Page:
The Roswell Invaders have made fast friends in an alien land at the Ramada World Baseball Challenge.
The visitors from New Mexico, in their first trip to Prince George, have become fan favourites at Citizen Field and a hot commodity, having exhausted their supply of Ros dolls, their green extraterrestrial mascot.
The Invaders have been hitting the cover off the ball and kept up their torrid pace Wednesday night in a mercy-rule shortened seven-inning 12-2 win over the Kamloops Sun Devils.
Cody Bishop triggered a six-run eruption in the third inning with a two-run home run which gave the Invaders an 8-2 lead and they never looked back, improving to 4-1 in the five-team tournament.
Roswell’s big inning started with a throwing error to Kamloops third basemen Brennan Hegel, which got Brett Balkan aboard. Morgan Blatnik followed up with a hit up the gut for an RBI single, setting the stage for Bishop. He belted his third home run of the tournament and now leads his team with a .474 batting average with nine hits and six RBI through five games.
Kamloops pitcher Austin Penner walked three to load the bases and walked Jim Smith in for the sixth run. With the bases loaded again, Balkan singled to centrefield to bring in two more runs. Penner lasted through the fifth inning, replaced by Josh Snider, who pitched his way out of a jam with runners at first and second and nobody out in the sixth.
“We’ve really gelled well as a team, the new additions have stepped up for us and we continue to have good at-bats,” said Roswell manager Bryan Kloppe. “Twelve guys from our team couldn’t make it here, so we picked up some others (from around the Pecos League) to fill in the gaps.”
Alex Dandridge gave the Invaders five solid innings, allowing just five hits and two earned runs before the 22-year-old from Dallas, Texas handed the ball to lefthander Nick Bozman. The Sun Devils had the bases loaded on Bozman but the Huntsville, Ohio native got Doug Clark swinging for his second strikeout to end the threat.
What started as a warm evening cooled off in a hurry under a full moon and the heavy air probably favoured the pitchers.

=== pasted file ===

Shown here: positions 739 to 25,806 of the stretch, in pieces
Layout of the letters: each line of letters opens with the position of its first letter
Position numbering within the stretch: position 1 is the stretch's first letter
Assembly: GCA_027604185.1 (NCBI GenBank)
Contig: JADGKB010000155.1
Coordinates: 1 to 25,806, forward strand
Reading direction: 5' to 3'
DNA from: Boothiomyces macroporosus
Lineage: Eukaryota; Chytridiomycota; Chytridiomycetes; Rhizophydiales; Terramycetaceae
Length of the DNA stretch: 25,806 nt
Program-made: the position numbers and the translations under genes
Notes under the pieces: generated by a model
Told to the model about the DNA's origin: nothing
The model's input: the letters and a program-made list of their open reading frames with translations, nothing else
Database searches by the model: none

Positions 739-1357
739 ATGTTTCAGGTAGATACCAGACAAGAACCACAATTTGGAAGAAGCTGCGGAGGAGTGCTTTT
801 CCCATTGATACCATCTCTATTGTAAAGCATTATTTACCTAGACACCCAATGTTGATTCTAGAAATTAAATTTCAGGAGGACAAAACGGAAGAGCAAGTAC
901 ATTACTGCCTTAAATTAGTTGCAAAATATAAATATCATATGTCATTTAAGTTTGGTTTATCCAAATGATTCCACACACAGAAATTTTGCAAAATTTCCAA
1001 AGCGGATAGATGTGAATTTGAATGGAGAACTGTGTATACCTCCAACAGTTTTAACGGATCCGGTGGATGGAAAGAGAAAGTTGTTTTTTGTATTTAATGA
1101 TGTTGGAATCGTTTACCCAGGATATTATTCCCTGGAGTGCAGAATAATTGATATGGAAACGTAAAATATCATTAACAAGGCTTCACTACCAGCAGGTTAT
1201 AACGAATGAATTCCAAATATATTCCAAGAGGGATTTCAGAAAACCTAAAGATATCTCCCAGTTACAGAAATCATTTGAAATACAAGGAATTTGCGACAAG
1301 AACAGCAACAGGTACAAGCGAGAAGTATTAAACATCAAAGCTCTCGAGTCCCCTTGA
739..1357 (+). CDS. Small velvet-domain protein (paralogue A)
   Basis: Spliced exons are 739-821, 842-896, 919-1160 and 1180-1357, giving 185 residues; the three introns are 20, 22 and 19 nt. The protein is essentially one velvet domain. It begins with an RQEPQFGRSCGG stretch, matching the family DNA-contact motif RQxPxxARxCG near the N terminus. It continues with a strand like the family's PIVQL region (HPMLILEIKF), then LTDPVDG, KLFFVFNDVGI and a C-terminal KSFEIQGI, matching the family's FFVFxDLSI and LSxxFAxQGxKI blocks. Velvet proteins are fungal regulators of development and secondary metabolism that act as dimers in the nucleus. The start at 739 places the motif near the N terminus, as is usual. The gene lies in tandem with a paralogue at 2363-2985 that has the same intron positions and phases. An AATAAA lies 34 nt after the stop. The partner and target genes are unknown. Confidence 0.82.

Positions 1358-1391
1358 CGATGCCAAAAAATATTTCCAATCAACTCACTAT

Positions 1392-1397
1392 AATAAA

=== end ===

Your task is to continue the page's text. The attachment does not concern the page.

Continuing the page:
“My defence picked me up - I struggled early but settled in and we got the ‘W’ tonight so we’re looking good going into game six now,” said Dandridge.
“The cool air probably saved me on a couple balls that were pretty deep. I think from here on out, we’re going to hit some bombs. Around the third inning it got pretty chilly. It was a long inning and we scored six runs and I ran down to the bullpen and was playing catch. I’m happy with it, that was my first start of the summer.”
Dandridge, a relief pitcher all season for the Invaders in their run to the Pecos League championship, starting noticing the Prince George fans showing their support in the Invaders’ third game, a 10-2 win over Canada Sidearm Nation of Calgary.
“We started hearing people scream for our team,” said Dandridge.” We hit home runs and they were asking if they could have our blowup alien mascot. They want gear and we should have come reared to give these guys some gear. It’s a lot of fun.”
The Invaders put up four more runs in the top of the seventh. Cody Coffman’s high fly to shallow rightfield close to foul territory resulted in a convergence of three Kamloops fielders. None of them were able to pick the ball out of the night sky and with two out, Nate Ferrell and Balkan were coming in at full steam and scored easily. Facing another bases-loaded situation, Bobby Webb doubled in Joey Miller and Cody Coffman to cap the scoring.
The Sun Devils (0-5) had numerous chances to break out their offence with runners in scoring position but were unable to get that timely hit, a problem that’s plagued them throughout the tournament. The best game so far for Kamloops was an opening 8-7 loss to Roswell on Saturday.
“It’s frustrating when you don’t capitalize with the bases loaded or runners on the bases, it’s tough,” said Kamloops leftfielder Brandon Hunter.
Kamloops returns to the field Thursday at 8 p.m. to face Japan (4-0). Japan beat them 11-1 on Monday and Hunter can’t wait to have another crack at the tournament leading Japanese.
“I’d love to see them again, I just missed a few of their pitches and I want redemption,” said Hunter, 32, now in his fourth WBC. “They’re so skilled and you can see they practice and practice. I’m glad I get to see them again in what will be my last WBC tournament.”
The afternoon game today at 4 p.m. pits Thurston County Senators of Olympia, Wash., against Canada Sidearm Nation of Calgary.
The Sun Devils will be without second baseman Doug Clark and catcher Cole Laviolette, as well as coach Jay Cook, for the rest of the tournament. They’ll travel today to Cold Lake, Alta., for the Western Canadian Senior Baseball Championship, which starts Friday.